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Folarin II - Wale

Wale's seventh studio album, Folarin II is the first he's delivered since 2019's Wow... That's Crazy, which is a pretty great record in my opinion. The emcee hailing from Washington DC has been a touted lyricist for over a decade and signed to Rick Ross's Maybach Music Group. I am a fairly new fan of Wale although his skill is apparent, it's easy to see why he is often left out of the conversation when discussing the best rappers around, his inability to stand out. Though Wale has great lyrics and an amazing fun, his sound can blend into the background as there is nothing distinct about his sound. I was obviously excited for Folarin II as I do enjoy Wale a good bit but also anticipating something new, some upgrade in quality from him.

The intro, New Balances, is not quite the best step in the right direction for Wale, as it kicks the album off with a tired trap beat. His flow is fast and aggressive, rapping about how nothing has changed for him and he's just living. Wale's flow is fun but overall the track does more than conform to the modern soundscape of hip-hop than try to evolve his own style, which is unfortunately a good prelude to the rest of the record. Name Ring Bell spices it up with a more exotic beat with a laid back drum pattern and fun vocal samples. Wale slows down the pace from the emphatic opener, but causes the track to get stale by the second verse, and like New Balances, the track is good but there is nothing that is keeping you coming back to it. Poke It Out is one of Wale's more vocally ambitious tracks, where he exercises the range of his voice often. Unfortunately it falls flat with a generic and poorly-written chorus, and a J. Cole verse I never needed to hear. It's a pretty great verse but I never wanted to hear Cole rapping about girls dancing at the club and it just sounds so out of pocket for Cole and even demeaning at times. Poke It Out has a lot of personality and flair but just ends up sounding like a wannabe club banger.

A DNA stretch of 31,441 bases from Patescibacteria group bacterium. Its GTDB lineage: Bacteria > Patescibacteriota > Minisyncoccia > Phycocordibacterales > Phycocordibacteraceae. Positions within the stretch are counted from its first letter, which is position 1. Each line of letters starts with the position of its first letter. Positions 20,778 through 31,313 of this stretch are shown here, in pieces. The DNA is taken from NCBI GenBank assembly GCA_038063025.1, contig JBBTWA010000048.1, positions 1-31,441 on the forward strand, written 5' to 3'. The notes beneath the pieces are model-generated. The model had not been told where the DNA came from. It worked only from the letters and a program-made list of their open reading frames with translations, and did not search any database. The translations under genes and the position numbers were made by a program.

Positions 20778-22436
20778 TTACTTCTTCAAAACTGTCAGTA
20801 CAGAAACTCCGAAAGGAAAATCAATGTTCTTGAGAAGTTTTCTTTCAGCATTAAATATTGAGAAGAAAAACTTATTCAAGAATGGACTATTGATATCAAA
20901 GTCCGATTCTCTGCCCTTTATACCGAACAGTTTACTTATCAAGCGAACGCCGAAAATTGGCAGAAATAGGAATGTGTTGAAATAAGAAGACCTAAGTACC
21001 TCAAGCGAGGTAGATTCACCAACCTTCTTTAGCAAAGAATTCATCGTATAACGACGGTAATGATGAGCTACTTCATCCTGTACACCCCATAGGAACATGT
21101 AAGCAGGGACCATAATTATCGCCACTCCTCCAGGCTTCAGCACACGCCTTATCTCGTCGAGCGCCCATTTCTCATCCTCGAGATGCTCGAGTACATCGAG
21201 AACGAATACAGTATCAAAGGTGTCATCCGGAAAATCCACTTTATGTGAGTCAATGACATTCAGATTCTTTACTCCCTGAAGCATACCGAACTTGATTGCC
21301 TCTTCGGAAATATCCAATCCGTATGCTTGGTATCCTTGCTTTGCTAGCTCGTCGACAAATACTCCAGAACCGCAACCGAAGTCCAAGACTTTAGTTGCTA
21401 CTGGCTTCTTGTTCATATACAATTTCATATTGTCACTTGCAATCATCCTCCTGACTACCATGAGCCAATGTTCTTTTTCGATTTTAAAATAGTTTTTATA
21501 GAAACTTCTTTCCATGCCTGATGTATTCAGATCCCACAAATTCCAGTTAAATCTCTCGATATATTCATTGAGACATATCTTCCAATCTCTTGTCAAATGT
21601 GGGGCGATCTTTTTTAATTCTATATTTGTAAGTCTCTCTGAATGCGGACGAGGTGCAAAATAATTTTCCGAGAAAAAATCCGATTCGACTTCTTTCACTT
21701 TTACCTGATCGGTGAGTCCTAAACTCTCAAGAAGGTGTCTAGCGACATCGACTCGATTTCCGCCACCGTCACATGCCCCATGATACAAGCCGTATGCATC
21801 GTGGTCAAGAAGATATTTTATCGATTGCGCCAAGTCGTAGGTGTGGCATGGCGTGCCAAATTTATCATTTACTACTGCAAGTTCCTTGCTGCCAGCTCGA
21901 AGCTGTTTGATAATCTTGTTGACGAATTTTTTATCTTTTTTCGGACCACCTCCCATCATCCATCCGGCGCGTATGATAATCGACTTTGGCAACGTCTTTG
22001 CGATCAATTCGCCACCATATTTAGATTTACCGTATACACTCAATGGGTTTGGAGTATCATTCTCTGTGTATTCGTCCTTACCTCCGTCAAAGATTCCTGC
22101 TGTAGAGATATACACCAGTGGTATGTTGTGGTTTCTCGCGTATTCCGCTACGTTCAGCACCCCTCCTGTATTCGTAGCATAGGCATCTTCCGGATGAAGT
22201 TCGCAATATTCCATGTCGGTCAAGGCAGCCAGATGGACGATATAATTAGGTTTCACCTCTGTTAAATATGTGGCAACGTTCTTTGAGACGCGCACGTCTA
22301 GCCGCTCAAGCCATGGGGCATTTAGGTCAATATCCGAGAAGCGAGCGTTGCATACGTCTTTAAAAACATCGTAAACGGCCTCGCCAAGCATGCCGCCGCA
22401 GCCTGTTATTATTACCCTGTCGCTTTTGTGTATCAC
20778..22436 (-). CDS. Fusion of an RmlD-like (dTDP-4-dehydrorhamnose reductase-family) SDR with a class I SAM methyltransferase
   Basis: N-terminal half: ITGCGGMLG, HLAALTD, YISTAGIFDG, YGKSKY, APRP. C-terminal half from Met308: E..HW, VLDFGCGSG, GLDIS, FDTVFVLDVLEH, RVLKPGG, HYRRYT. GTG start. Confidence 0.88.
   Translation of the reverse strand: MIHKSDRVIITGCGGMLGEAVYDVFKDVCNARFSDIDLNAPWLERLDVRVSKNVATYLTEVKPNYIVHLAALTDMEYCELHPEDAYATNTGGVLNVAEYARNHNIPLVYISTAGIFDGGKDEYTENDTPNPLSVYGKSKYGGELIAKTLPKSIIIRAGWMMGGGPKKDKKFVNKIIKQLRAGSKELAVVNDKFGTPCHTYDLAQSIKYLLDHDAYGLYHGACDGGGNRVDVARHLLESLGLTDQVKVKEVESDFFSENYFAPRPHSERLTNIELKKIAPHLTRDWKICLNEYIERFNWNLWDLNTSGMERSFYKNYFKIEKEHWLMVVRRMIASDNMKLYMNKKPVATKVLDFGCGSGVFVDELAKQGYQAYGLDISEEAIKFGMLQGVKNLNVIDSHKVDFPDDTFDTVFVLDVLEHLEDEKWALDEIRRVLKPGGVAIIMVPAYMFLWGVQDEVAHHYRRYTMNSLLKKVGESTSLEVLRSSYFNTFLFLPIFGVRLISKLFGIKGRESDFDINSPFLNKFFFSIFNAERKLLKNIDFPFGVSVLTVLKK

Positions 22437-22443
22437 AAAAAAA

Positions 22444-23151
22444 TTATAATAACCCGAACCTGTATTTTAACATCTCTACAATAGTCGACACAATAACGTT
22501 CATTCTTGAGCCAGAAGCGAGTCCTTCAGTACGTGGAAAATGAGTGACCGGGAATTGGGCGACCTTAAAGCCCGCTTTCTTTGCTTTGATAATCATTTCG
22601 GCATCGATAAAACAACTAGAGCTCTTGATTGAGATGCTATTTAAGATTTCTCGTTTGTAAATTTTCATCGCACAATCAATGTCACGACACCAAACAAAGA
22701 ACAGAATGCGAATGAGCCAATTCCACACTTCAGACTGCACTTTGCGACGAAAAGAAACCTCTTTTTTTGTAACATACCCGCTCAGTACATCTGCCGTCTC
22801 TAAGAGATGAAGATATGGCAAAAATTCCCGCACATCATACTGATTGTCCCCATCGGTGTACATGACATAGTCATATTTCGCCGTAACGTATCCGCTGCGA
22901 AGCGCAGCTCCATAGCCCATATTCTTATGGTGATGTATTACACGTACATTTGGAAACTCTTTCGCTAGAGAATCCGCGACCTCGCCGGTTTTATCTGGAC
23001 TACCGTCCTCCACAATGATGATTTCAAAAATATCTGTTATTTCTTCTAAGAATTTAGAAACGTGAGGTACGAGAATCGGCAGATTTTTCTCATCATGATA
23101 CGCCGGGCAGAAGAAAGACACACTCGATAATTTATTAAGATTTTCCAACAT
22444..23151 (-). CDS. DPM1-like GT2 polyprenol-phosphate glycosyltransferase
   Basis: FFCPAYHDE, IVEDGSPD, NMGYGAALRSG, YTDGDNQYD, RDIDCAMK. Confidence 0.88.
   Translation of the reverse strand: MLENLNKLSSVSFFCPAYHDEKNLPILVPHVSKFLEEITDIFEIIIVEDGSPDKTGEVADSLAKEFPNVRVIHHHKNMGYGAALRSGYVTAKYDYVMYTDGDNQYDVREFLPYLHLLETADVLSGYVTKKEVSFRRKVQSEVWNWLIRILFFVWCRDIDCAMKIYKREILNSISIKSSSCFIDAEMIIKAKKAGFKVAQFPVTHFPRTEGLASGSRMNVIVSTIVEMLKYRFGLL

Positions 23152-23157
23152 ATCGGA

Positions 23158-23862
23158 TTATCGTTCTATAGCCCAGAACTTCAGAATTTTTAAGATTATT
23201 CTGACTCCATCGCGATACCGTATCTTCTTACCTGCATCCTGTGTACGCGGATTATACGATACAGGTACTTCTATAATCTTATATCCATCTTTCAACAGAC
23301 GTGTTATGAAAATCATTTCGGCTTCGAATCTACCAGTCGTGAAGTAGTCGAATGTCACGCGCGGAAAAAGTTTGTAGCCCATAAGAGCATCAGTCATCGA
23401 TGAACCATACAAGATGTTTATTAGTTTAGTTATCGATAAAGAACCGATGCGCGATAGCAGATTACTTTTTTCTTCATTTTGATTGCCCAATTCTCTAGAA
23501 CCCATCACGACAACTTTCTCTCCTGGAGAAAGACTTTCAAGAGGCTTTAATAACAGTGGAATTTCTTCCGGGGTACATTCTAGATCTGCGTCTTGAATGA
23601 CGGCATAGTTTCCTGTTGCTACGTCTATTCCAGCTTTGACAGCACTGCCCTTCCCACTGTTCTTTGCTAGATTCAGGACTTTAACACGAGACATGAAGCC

Wale steps it up on Tiffany Nikes with a catchy and boastful chorus, over a triumphant instrumental. The horn progression on the beat makes Wale's braggadocious raps even more impactful and he is brimming with personality on this lively song. Wale continues his streak of impressive flows over the slowed and intimate instrumental of Caramel. The soulful sample coincides very well with this rap love song from Wale, though it is a weaker lyrical moment on the record. On Fluctuate Wale discusses change throughout his verses; specifically getting into his relationships with friends and peoples opinions of him and how they evolved over time. His chorus is passionate but not too memorable and the beat has a nice sample but nothing here with any real impact. The pace picks up on Light Years, which has a soulful boom-bap beat and Wale's best rapping performance on the record. His lyricism is great, reflecting on his life and career thus far, as well as his time under Rick Ross's Maybach Music Group which he is signed to. Rick Ross brings the heat of course, on a verse that is lavish and commanding as we expected, only classing this track up more.